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Exhibition: Steel Bch - Shipbreaking In Bangladesh

Australian National Maritime Museum
Darling Harbour
Sydney, Australia

Exhibition: Steel Beach - Shipbreaking in Bangladesh

Skeletons of half-scrapped ships and workers tearing them apart on the mud-flats of Bangladesh are vividly captured in a new photographic exhibition coming to the Australian National Maritime Museum.

Steel Beach - Shipbreaking in Bangladesh draws together more than 40 images by Sydney photographer Andrew Bell to show the tough reality and dangers of the unregulated shipbreaking industry.

Near the town of Sitakunda, on the mud flats of the Bay of Bengal, the beach graveyard for old ships stretches more than 25 kilometres. It is home to approximately 65 separately owned ship scrap-yards and more than 40,000 workers.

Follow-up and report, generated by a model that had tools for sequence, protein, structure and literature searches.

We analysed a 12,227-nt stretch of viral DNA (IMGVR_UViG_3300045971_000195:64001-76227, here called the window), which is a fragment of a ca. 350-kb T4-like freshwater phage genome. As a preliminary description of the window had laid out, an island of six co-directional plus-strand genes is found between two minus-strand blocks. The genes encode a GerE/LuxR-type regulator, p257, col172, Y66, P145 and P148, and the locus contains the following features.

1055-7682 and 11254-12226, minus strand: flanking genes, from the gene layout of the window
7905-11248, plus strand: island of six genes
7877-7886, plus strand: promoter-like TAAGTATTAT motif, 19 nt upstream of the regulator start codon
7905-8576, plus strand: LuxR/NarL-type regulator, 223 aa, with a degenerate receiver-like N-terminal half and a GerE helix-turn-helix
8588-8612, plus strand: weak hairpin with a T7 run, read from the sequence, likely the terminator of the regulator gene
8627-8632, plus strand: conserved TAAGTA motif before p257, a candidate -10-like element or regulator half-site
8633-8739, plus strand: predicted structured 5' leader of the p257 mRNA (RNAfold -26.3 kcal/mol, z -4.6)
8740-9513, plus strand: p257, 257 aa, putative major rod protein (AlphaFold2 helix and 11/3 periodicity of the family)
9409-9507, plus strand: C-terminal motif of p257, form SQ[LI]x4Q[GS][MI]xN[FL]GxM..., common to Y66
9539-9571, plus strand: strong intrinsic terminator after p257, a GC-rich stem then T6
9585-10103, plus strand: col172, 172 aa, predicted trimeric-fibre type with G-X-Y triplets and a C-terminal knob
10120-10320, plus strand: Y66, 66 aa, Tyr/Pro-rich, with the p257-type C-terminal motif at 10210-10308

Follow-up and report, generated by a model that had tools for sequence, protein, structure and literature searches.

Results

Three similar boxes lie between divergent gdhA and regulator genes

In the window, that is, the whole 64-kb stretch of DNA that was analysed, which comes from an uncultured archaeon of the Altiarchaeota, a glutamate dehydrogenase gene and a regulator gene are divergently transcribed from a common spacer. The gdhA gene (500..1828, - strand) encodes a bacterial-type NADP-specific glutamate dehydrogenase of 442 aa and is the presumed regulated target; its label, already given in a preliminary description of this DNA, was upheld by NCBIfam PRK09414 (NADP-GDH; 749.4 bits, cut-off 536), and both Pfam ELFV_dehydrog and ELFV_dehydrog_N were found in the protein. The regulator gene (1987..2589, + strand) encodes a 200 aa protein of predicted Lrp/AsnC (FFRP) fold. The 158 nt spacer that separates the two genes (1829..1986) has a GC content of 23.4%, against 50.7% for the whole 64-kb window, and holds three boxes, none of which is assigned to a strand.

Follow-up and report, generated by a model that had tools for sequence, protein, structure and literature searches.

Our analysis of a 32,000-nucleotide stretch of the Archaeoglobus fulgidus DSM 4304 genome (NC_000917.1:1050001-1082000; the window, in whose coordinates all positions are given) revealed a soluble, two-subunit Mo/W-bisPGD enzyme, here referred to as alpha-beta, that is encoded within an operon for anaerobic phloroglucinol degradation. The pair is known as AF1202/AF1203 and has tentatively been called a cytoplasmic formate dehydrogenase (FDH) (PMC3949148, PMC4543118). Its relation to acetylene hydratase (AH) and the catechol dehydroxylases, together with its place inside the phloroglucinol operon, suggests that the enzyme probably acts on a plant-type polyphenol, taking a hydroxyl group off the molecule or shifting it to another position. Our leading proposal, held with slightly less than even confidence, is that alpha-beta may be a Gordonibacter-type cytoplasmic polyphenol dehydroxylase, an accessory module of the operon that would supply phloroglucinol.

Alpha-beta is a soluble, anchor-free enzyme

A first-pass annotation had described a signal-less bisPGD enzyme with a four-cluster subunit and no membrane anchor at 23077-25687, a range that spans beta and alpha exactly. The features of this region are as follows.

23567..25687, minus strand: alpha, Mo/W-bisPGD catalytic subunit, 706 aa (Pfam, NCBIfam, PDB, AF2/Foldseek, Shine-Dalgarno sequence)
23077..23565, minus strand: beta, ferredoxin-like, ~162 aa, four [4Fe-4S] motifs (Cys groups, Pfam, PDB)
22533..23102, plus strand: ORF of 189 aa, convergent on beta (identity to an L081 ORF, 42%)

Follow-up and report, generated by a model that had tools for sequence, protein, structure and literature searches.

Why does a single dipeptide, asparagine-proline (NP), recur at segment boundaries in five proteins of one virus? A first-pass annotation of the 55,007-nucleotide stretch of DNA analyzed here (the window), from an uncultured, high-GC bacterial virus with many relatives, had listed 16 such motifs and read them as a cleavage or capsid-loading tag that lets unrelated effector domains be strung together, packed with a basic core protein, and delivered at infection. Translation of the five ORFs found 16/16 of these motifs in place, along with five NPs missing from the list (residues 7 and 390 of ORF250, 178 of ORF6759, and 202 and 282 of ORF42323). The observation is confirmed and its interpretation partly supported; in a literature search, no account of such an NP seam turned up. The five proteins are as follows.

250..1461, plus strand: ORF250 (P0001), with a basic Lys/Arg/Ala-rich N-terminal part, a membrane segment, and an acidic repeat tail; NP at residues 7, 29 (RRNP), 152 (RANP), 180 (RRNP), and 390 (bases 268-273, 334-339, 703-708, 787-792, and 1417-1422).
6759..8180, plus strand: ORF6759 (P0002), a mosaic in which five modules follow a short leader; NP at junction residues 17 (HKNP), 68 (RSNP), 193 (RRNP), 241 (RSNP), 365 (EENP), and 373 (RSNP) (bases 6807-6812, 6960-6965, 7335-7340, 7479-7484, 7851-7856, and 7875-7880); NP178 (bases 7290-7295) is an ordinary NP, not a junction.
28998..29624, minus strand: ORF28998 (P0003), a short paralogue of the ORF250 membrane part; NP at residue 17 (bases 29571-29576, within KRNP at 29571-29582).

Andrew Bell's photographs capture the unwanted oil tankers, passenger liners and fishing boats beached on these mud-flats where thousands of labourers work with blowtorches, hammers and brute strength to dismantle and recycle every inch of the giant steel structures.

He portays the dangerous conditions the labourers work under without basic safety equipment.

His photographs also show the immense task of recycling these ships, from the removal of all electronics, fittings, furniture, pipes, wiring, bolts and heavy mechanical equipment to the oil from the ship's bottom and the steel structure itself. Breaking a sizable ship takes about six months.

Bell trained in London and has been a photographer for more than 30 years. He has travelled extensively with his camera including documenting the tribes of Kenya, Chernobyl, and the Swenkas of Soweto (South Africa).

He first became fascinated by the shipbreaking industry in Bangladesh when coming upon an article on the Greenpeace website. Astounded at the working conditions and the "industrial wasteland" of the beach, Bell has been to Bangladesh three times in an ongoing project to to document this dangerous industry and its workers.

Steel Beach - Shipbreaking in Bangladesh opens to the public on 8 February 2008, admission free. It will remain on view until 30 March.

The Australian National Maritime Museum, in Darling Harbour, is open daily from 9.30 am to 5 pm. .


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